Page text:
The sensory origin of the sense of effort is context-dependent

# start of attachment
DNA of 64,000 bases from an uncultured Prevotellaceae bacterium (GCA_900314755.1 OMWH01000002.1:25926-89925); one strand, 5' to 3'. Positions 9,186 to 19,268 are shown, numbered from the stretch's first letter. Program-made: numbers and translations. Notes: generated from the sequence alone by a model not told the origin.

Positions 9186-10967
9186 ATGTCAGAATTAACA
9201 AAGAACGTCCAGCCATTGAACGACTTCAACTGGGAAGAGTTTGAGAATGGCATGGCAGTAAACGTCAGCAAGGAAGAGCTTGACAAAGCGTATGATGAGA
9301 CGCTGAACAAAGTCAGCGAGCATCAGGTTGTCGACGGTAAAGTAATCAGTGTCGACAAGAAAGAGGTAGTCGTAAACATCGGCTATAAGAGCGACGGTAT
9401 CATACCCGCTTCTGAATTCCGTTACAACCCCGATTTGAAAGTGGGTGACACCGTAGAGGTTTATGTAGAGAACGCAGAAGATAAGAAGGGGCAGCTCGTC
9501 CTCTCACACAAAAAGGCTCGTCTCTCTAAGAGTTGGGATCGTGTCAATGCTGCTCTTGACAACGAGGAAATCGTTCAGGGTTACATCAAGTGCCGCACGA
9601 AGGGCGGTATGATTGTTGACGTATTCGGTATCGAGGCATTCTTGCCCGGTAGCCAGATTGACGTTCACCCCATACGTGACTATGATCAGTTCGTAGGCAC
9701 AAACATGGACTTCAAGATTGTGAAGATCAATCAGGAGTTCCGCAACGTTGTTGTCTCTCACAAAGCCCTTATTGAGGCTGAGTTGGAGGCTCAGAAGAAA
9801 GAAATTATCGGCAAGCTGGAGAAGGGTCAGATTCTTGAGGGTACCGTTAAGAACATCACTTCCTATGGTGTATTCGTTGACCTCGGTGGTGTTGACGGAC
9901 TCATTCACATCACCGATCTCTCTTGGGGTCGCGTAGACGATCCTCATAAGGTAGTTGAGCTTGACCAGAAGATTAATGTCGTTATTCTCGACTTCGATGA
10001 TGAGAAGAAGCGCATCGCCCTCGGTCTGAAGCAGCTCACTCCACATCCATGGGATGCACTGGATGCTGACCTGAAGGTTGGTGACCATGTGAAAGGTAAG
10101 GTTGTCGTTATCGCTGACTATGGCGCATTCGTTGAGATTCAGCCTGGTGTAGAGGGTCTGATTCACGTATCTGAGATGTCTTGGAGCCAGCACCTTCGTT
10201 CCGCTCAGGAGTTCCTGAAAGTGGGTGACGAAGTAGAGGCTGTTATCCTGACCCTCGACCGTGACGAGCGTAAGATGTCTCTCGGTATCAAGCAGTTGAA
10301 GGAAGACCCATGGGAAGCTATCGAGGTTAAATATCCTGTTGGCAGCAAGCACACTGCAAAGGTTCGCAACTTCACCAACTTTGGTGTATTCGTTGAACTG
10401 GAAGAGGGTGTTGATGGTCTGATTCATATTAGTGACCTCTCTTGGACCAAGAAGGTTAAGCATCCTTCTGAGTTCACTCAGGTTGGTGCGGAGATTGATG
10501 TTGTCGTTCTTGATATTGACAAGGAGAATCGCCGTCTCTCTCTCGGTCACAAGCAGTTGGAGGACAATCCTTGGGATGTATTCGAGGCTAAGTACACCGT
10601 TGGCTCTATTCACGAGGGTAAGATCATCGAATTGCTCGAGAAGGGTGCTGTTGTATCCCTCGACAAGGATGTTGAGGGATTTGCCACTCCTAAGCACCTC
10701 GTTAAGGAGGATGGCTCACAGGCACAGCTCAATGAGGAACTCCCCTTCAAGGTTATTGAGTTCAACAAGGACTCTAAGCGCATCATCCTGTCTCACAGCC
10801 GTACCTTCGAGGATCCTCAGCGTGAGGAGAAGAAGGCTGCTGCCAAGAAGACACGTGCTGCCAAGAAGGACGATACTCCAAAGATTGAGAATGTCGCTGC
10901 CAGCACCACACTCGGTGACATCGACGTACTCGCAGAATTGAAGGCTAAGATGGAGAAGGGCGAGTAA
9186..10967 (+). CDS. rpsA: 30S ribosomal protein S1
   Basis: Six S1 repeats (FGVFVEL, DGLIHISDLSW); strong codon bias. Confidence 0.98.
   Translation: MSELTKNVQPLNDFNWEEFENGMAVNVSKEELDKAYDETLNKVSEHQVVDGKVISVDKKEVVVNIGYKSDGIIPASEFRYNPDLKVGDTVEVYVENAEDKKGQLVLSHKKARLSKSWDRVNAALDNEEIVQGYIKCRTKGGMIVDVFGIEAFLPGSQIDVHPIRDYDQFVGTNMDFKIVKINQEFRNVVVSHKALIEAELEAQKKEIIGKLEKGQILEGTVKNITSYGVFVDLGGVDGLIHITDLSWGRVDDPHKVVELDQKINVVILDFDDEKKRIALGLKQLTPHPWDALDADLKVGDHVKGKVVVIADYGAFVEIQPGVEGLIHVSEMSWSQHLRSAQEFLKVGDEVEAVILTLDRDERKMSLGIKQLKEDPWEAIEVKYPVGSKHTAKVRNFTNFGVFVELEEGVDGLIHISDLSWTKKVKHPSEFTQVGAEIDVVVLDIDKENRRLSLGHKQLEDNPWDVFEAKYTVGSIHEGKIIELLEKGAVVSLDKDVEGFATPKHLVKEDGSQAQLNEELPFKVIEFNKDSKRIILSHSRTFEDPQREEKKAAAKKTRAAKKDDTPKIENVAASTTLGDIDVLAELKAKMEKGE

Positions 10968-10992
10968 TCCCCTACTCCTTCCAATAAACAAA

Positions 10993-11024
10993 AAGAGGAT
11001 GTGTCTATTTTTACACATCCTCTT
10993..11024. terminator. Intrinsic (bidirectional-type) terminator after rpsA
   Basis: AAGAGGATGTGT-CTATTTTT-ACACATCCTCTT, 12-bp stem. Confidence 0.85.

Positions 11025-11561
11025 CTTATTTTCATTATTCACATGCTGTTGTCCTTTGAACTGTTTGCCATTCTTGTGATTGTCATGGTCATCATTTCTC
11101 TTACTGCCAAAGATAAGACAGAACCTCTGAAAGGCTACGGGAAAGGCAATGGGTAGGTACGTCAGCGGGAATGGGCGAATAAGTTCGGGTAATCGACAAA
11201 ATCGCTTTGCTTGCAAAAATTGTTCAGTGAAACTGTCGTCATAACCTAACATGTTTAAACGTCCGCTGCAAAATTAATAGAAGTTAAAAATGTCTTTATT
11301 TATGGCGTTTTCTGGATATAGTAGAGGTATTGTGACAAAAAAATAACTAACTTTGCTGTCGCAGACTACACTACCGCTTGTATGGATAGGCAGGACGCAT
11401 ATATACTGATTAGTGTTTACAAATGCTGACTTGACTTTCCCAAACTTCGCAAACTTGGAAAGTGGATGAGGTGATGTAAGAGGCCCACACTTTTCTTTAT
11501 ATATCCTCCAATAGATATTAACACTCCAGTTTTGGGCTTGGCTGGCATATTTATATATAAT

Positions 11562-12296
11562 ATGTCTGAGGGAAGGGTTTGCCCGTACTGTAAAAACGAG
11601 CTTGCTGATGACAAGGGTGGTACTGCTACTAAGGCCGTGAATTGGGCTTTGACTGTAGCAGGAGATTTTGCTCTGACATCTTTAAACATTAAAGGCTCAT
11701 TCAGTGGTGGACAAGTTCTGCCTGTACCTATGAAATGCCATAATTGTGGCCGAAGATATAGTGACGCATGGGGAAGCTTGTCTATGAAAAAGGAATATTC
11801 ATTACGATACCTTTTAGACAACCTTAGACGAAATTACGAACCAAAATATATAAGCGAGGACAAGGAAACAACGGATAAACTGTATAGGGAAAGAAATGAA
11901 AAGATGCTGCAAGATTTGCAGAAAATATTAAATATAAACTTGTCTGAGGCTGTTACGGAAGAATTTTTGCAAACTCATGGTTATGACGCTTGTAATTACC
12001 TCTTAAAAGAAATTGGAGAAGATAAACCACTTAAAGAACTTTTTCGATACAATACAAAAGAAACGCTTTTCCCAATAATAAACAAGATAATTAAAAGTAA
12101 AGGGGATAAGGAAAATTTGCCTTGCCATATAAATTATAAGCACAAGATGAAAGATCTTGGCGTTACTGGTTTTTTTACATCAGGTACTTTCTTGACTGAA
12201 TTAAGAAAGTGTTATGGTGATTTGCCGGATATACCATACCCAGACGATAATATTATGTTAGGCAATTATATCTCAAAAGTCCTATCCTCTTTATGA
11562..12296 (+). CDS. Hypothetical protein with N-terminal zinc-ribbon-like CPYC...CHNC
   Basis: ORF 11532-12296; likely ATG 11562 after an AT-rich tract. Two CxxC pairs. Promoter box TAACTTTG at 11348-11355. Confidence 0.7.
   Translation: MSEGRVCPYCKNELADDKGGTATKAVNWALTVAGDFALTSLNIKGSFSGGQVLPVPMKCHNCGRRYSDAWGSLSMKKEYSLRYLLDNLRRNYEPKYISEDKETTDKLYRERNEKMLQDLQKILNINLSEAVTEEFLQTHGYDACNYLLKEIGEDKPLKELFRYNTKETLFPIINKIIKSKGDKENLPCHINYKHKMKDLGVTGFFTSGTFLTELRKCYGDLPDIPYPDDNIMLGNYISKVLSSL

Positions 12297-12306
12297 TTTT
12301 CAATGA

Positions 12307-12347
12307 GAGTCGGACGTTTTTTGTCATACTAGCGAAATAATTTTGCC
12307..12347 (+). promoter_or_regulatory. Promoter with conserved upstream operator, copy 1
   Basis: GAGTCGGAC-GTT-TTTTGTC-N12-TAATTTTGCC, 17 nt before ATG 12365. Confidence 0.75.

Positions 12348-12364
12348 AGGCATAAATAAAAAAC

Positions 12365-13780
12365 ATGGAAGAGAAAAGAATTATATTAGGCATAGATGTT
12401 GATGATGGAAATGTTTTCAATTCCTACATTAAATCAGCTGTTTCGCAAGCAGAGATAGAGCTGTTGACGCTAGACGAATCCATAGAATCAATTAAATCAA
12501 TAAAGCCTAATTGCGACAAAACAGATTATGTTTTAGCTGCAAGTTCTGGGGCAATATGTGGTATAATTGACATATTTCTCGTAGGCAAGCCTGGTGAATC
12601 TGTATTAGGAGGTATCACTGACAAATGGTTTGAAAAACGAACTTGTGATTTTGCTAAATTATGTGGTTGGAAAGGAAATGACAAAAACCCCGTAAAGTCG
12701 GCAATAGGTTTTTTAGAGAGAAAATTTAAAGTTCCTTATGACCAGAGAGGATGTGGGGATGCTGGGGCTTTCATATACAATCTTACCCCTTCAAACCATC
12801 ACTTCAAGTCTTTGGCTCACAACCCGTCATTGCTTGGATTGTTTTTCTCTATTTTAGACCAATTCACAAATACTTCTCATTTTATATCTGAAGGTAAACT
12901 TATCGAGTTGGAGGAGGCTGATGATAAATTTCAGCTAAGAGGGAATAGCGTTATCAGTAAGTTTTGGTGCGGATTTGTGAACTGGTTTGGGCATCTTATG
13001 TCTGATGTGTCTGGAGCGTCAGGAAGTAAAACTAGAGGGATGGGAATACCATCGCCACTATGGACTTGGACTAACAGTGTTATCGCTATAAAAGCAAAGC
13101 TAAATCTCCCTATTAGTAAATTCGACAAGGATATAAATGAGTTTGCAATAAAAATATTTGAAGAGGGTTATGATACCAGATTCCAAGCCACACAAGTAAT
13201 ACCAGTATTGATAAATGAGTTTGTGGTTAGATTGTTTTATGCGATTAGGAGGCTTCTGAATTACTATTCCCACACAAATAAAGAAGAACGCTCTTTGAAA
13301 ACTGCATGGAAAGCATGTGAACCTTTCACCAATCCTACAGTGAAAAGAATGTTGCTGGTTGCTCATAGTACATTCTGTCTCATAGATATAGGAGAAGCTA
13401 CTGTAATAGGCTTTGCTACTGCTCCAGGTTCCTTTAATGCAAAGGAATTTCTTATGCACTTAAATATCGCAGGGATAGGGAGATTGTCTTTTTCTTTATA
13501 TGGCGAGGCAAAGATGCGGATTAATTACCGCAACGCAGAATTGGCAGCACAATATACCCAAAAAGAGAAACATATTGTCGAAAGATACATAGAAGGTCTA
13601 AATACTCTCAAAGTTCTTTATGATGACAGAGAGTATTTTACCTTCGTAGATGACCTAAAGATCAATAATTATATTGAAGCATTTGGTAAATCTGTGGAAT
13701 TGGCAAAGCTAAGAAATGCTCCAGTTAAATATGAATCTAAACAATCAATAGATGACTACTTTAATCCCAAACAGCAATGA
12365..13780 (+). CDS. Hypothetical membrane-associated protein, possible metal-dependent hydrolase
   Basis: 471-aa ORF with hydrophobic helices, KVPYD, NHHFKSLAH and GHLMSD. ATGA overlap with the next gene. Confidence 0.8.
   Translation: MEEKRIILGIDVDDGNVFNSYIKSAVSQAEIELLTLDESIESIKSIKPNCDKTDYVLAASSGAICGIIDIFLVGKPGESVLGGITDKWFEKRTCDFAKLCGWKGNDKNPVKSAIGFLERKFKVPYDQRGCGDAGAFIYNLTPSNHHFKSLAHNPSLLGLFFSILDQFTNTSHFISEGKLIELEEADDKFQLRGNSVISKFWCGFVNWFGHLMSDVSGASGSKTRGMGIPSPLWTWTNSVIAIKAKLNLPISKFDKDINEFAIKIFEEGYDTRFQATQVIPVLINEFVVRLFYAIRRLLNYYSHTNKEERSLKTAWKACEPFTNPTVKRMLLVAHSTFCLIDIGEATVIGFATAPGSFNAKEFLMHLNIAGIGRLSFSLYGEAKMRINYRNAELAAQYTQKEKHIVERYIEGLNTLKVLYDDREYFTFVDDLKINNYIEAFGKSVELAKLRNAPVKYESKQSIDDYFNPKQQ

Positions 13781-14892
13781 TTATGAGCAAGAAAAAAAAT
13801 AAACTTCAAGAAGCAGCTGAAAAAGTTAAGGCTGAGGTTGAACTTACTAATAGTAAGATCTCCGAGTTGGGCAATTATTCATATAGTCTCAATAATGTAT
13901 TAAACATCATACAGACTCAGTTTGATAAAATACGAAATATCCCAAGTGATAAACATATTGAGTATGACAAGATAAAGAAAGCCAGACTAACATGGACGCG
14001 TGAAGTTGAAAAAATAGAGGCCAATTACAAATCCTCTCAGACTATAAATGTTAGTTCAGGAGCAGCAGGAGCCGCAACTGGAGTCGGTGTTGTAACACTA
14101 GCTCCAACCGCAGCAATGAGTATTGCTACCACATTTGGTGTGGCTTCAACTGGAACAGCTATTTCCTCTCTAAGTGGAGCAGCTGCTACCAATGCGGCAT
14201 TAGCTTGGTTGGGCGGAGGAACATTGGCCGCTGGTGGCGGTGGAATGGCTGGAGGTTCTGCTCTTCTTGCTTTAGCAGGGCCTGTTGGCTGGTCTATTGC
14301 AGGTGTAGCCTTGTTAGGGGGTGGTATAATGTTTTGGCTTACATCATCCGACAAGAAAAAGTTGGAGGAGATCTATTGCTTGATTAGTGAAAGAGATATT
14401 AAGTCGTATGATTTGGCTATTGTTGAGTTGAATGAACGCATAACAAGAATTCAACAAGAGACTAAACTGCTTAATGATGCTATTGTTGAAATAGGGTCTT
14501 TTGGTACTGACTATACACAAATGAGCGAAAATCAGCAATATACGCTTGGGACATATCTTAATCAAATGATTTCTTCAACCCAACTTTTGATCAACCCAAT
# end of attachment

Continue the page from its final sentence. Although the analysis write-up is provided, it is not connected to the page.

The origin of the sense of effort has been debated for several decades and there is still no consensus among researchers regarding the underlying neural mechanisms. Some advocate that effort perception mainly arises from an efference copy originating within the brain while others believe that it is predominantly carried by muscle afferent signals. To move the debate forward, we here tested the hypothesis that there is not one but several senses of effort which depend on the way it is evaluated. For this purpose, we used two different psychophysical tests designed to test effort perception in elbow flexors. One was a bilateral isometric force-matching task in which subjects were asked to direct similar amounts of effort toward their two arms, while the other consisted of a unilateral voluntary isometric contraction in which subjects had to rate their perceived effort using a Borg scale. Throughout two distinct experiments, effort perception was evaluated before and following different tendon vibration protocols intended to differentially desensitize muscle spindles and Golgi tendon organs, and to affect the gain between the central effort and muscle contraction intensity. By putting all the results together, we found that spindle afferents played divergent roles across tasks. Namely, while they only acted as modulators of motor pathway excitability during the bilateral task, they clearly intervened as the predominant psychobiological signal of effort perception during the unilateral task. Therefore, the sensory origin of the sense of effort is not central or peripheral. Rather, it is context-dependent.